Monday, May 11, 2015

Domestic Violence (Yes, it will happen again.)

I first married when I was barely 19, to a 29 year old man who showed signs early in the relationship of being dangerously jealous and controlling.  I had lived a very sheltered life, but I should have known better; I should have heeded the warnings of my parents, friends, and my own instinct.   Unfortunately, I was rebellious.  Back then, “domestic violence” wasn’t even a coined term that I know of, but it did occur, which I found out first hand.  

Image from Google Images
Something happened to my way of thinking after I was slapped around, kicked while I was down, strangled, shoved and threatened.  After the first time it happened, I believed his tears and contrite words, and I trusted it would never happen again.  But it did, and it was worse.  He liked  to look me in the eye as he held me down and hurt me, and he would tell me how easy it would be for him to end my life then and there.  He would tell me that if I left him again, he would find me where ever I went, and he would burn down the house of anyone who tried to help me...and they wouldn't like me very much because it would be my fault they were homeless.  

I’d like to say that I learned my lesson quickly, but I actually went back into that three times before I left the fourth and final time.  Some have it far worse than I did.  I had a place to go.  He didn’t kill me, he didn't burn houses down; instead, he left town.  I am certain the prayers of others had a lot do do with my safety.  I’ve had a good life since that bad choice, and he is a pitiful old man today. 
Image from Google Images

People will sympathize with a victim of domestic violence…the first time.  After the second or third time of walking back into it, friends and relatives lose their patience with repeated dangerous and stupid choices.   If there are kids involved, you can add anger to the equation, because the mother chose the abuser over the safety of the children.  Even if the man doesn’t have a history of hitting the kids, it takes a heavy toll on the young ones when they see and hear it happen to their mother.   And just because he hasn't before, doesn't mean he won't ever hit your children.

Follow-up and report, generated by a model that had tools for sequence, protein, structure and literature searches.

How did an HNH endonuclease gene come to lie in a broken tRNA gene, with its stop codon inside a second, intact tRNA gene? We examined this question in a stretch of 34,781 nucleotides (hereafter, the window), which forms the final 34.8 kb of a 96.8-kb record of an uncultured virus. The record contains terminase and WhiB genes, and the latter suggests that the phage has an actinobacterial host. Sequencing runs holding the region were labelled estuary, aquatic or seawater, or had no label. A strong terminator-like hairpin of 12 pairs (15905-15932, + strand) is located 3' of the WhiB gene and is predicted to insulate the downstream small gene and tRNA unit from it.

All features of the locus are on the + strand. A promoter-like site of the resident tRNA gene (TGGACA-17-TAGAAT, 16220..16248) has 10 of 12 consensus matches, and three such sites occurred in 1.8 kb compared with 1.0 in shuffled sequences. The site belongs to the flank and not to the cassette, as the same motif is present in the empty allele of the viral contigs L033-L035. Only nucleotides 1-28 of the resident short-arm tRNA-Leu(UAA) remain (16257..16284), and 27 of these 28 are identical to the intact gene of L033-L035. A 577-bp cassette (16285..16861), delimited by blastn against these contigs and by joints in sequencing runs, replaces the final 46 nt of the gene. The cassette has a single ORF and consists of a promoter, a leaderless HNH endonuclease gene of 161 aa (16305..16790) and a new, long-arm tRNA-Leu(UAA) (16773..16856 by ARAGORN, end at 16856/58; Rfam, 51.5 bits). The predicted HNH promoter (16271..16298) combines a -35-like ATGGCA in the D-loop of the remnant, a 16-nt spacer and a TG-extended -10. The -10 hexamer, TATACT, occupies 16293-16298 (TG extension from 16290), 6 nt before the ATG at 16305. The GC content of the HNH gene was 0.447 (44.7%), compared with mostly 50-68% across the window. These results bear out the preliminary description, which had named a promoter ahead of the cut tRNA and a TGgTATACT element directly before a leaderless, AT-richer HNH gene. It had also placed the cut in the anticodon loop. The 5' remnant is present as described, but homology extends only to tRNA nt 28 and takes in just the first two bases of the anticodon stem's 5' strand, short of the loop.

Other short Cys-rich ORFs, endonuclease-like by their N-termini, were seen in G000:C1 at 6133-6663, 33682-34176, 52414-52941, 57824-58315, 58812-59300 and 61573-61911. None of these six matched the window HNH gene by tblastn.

If you are out of an abusive situation and you are considering getting involved with your abuser again, you will find that I am telling you the truth.  His promises of it never happening again will be broken, no matter how much he means it when he vows to change and pledges his love for you.  It’s not love, it is all about control, and when you realize that he’s not really what you want and you try to get rid of him, it will be worse than the last time.  Maybe he won’t kill you.   Hopefully, he won’t critically/permanently injure you.   However, you can count on him hurting you worse than the last time, and the last time was pretty bad, wasn’t it?  He will destroy your things, and he won’t care that your kids are around to see the violence and hear the vile and hateful words he will spew at you.

Image from Google Images


Please, I beg you, consider my words carefully.   Your situation is not any different than the countless others who gave an abuser "one more chance" only to realize it was the biggest mistake of their lives.  No amount of "help" he can give you will be worth it.  Some women are not here now to tell their story.   Don't let yourself become a statistic.




13 comments:

  1. I hope your words help, to give people the courage to walk away.

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  2. Arkansas. We were blessed. We needed rain. The aftermath will take a while to repair.

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  3. Thank you for this powerful testimony.
    DH's daughter is in a similar situation. I've no emotional ties to the woman, so when she went back for the dozenth (or two dozenth?) time I found it relatively easy to wash my hands of her. Unfortunately, DH is bound by love, and long after N's 'kissed and made up' I see it's still gnawing at him. '
    Double unfortunate, in DH doesn't want me telling any of the other family members what's really going on. I feel if I keep quiet that's abetting the situation. 'Just don't know what's right anymore.

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    1. Tell it. Family probably know more than you think, but perhaps they don't know enough? It might not do any good, but it can't do any harm. Maybe someone can get through to her that she doesn't have to live that way.